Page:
The importance of encouragement

BY SIMON CRANE, HEADMASTER AT WOODRIDGE COLLEGE AND PREPARATORY SCHOOL - MAY 13, 2016

At Woodridge College and Preparatory School I often suggest that the children at our school need to possess the twin qualities of pride and humility. This is not as easy to embrace as it is to write. That is for sure. How do you embrace pride and still ensure that you are humble?

The biggest obstacle to success in children is self-confidence. I am fairly sure that I could have been an astronaut. I could have been a film director. I could have managed a hotel chain. We all have tremendous potential and the children in our schools today have seemingly limitless potential to do…anything.

The biggest inhibitor to success is a lack of self-belief and a lack of self-confidence.

How many of us doubt our abilities? How many of you reading this article have serious concerns that you are not good enough? I have this feeling all the time. If something goes wrong, the first person I think to blame is me.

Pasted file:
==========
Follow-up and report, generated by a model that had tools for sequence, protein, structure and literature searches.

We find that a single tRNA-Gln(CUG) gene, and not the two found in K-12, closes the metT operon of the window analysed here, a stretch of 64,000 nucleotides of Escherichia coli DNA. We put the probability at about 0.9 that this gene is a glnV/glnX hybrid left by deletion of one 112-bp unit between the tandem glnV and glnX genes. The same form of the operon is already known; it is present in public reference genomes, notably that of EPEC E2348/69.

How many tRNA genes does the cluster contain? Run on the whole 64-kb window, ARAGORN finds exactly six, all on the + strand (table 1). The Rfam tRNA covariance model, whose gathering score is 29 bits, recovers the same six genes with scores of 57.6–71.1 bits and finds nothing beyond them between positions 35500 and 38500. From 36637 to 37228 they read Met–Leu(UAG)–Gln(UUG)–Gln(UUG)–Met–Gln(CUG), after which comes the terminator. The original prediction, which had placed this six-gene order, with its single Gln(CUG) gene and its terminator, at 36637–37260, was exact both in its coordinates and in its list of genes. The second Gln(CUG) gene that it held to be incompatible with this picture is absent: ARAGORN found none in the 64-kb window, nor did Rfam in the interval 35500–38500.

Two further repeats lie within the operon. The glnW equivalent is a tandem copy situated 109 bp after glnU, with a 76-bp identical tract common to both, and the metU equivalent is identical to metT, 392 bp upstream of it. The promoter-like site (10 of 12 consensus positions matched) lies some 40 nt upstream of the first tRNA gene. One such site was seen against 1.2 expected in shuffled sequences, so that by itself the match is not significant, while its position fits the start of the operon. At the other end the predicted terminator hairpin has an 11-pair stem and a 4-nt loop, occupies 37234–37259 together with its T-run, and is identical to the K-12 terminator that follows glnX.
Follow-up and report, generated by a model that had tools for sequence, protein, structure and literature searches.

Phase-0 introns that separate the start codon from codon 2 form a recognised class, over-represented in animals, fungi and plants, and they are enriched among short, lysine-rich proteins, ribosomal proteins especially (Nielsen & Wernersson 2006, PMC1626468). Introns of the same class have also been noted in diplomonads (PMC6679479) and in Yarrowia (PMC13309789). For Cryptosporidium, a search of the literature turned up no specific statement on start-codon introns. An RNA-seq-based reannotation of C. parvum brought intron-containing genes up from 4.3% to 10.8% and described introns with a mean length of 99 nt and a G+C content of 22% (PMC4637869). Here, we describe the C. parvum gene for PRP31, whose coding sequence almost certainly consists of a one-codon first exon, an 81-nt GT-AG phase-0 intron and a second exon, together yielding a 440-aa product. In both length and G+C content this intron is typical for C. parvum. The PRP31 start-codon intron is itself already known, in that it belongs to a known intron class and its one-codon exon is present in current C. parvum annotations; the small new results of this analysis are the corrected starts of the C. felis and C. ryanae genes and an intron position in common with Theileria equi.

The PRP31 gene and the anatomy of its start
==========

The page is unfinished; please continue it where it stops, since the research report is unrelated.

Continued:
Quite often I find that I am actually not to blame and very often I get things right and yet still this self-doubt persists. As a 48-year old I should be confident and in many ways I am over the insecurities of youth, but how much more pronounced are these insecurities in a teenager or young adult who is trying to establish himself or herself in the world?

Schools need to find ways to unlock the potential within their charges. I’ve written before about the need for schools and parents to work together and this partnership is critically important. When I hear of pupils who have been broken down by parents and by teachers I am heartbroken. By destroying confidence you take away everything that the child has been and everything that they will be. By not building confidence in a child you are complicit in destroying that potential.

I am not suggesting we say “Well done!” every five minutes to everyone. Let’s not cheapen the encouragement by just handing it out all the time. In the very tough movie “Whiplash”, drum-teacher Terence Fletcher states that, “There are no two words in the English language more harmful than ‘good job’”.

But equally an absence of encouragement is hugely detrimental to growth for both adults and children.

We have the most extraordinary responsibility as parents and as teachers to get it right. To find the way to grow the children in care, to build their confidence and to unlock the extraordinary potential that lies within each of us.

My challenge to you today is to find a way to encourage someone. Make that phone call. Tell that person that has done well, that they have indeed done well and provide the opportunity for someone to take that step closer towards reaching their potential. As teachers, parents and citizens we often have the chance to help someone shine and we don’t. Try it today!